• Areocentric orbit: An orbit around the planet Mars, such as by moons or artificial satellites.

Altitude classifications
• Low Earth orbit (LEO): Geocentric orbits ranging in altitude from 180 km – 2,000 km (1,200 mi)
• Medium Earth orbit (MEO): Geocentric orbits ranging in altitude from 2,000 km (1,200 mi) – 35,786 km (22,236 mi). Also known as an intermediate circular orbit.
• Geosynchronous orbit (GEO): Geocentric circular orbit with an altitude of 35,786 kilometres (22,236 mi). The period of the orbit equals one sidereal day, coinciding with the rotation period of the Earth. The speed is approximately 3,000 metres per second (9,800 ft/s).
• High Earth orbit (HEO): Geocentric orbits above the altitude of geosynchronous orbit 35,786 km (22,236 mi).

Altitude Comparison Chart

Inclination classifications
• Inclined orbit: An orbit whose inclination in reference to the equatorial plane is not zero degrees.
• Polar orbit: An orbit that passes above or nearly above both poles of the planet on each revolution. Therefore, it has an inclination of (or very close to) 90 degrees.
• Polar sun synchronous orbit: A nearly polar orbit that takes advantage of nodal precession such that a satellite in such an orbit passes the equator at the same local time on every pass. Useful for image taking satellites because shadows will be nearly the same on every pass, and for solar observation satellites because they can have a continuous view of the Sun throughout the year.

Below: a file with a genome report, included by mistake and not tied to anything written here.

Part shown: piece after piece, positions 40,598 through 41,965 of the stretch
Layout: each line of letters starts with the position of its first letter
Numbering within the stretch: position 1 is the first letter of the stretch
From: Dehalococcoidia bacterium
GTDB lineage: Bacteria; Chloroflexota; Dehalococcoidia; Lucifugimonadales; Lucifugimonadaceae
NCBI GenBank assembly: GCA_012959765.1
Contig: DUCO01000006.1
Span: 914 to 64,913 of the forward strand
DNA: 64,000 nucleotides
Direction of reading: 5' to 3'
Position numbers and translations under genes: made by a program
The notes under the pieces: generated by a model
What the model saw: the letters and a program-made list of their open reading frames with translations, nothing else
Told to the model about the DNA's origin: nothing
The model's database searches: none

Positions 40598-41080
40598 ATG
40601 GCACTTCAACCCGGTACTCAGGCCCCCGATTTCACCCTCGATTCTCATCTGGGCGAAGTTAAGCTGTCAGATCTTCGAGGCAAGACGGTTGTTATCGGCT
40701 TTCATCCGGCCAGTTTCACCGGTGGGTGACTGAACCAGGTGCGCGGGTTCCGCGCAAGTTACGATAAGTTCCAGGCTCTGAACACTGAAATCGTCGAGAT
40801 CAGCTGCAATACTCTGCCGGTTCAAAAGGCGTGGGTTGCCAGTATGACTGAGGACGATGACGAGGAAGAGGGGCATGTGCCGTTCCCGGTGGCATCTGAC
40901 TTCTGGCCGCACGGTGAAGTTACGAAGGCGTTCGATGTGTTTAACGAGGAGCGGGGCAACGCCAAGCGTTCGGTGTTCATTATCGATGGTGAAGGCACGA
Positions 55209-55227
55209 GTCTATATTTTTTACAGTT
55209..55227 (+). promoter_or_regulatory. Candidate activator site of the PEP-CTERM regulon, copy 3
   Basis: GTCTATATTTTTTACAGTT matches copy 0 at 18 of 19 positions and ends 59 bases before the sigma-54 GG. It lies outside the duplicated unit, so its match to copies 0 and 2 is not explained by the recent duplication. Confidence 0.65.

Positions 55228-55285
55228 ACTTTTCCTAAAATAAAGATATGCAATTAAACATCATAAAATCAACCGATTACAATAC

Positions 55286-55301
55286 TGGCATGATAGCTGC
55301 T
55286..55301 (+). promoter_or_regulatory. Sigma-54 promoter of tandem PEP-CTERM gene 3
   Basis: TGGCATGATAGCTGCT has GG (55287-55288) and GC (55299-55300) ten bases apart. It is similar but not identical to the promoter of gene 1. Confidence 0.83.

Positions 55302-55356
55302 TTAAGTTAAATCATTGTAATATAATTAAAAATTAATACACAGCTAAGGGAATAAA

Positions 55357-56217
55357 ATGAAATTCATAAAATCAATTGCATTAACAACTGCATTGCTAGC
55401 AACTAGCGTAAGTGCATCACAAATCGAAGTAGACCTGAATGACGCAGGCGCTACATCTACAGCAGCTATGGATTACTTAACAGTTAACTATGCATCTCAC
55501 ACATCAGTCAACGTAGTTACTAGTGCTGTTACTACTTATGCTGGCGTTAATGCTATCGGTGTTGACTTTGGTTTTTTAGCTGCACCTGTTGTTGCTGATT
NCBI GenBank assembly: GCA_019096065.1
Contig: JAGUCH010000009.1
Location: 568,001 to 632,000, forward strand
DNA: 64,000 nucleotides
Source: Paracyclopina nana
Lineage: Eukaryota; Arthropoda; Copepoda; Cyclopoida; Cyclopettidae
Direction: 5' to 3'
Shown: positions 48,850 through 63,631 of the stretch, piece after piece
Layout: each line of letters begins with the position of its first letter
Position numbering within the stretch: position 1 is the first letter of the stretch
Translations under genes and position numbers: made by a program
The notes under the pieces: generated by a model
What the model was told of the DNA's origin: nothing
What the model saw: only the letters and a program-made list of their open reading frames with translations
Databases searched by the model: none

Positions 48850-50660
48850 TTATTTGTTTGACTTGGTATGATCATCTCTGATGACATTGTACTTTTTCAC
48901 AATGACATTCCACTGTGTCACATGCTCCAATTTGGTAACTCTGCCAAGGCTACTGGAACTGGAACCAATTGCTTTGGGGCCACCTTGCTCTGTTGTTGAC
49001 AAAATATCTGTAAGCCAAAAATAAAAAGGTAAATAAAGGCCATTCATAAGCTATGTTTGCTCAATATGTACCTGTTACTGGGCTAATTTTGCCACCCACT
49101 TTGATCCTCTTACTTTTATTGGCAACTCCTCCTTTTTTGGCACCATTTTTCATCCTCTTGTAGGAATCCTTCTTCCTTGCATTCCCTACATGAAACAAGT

Eccentricity classifications
• Circular orbit: An orbit that has an eccentricity of 0 and whose path traces a circle.
• Hohmann transfer orbit: An orbit that moves a spacecraft from one approximately circular orbit, usually the orbit of a planet, to another, using two engine impulses. The perihelion of the transfer orbit is at the same distance from the Sun as the radius of one planet’s orbit, and the aphelion is at the other. The two rocket burns change the spacecraft’s path from one circular orbit to the transfer orbit, and later to the other circular orbit. This maneuver was named after Walter Hohmann.
• Elliptic orbit: An orbit with an eccentricity greater than 0 and less than 1 whose orbit traces the path of an ellipse.
• Geosynchronous transfer orbit: An elliptic orbit where the perigee is at the altitude of a Low Earth orbit (LEO) and the apogee at the altitude of a geosynchronous orbit. Satellites use this orbit to transfer to a geostationary orbit.
• Geostationary transfer orbit: A geosynchronous transfer orbit that is used to transfer to a geostationary orbit.
• Molniya orbit: A highly eccentric orbit with inclination of 63.4° and orbital period of half of a sidereal day (roughly 12 hours). Such a satellite spends most of its time over two designated areas of the planet (usually Russia and the United States).
• Tundra orbit: A highly eccentric orbit with inclination of 63.4° and orbital period of one sidereal day (roughly 24 hours). Such a satellite spends most of its time over a single designated area of the planet.

Synchronous classifications
• Synchronous orbit: An orbit where the satellite has an orbital period equal to the average rotational period (earth’s is: 23 hours, 56 minutes, 4.091 seconds) of the body being orbited and in the same direction of rotation as that body. To a ground observer such a satellite would trace an analemma (figure 8) in the sky.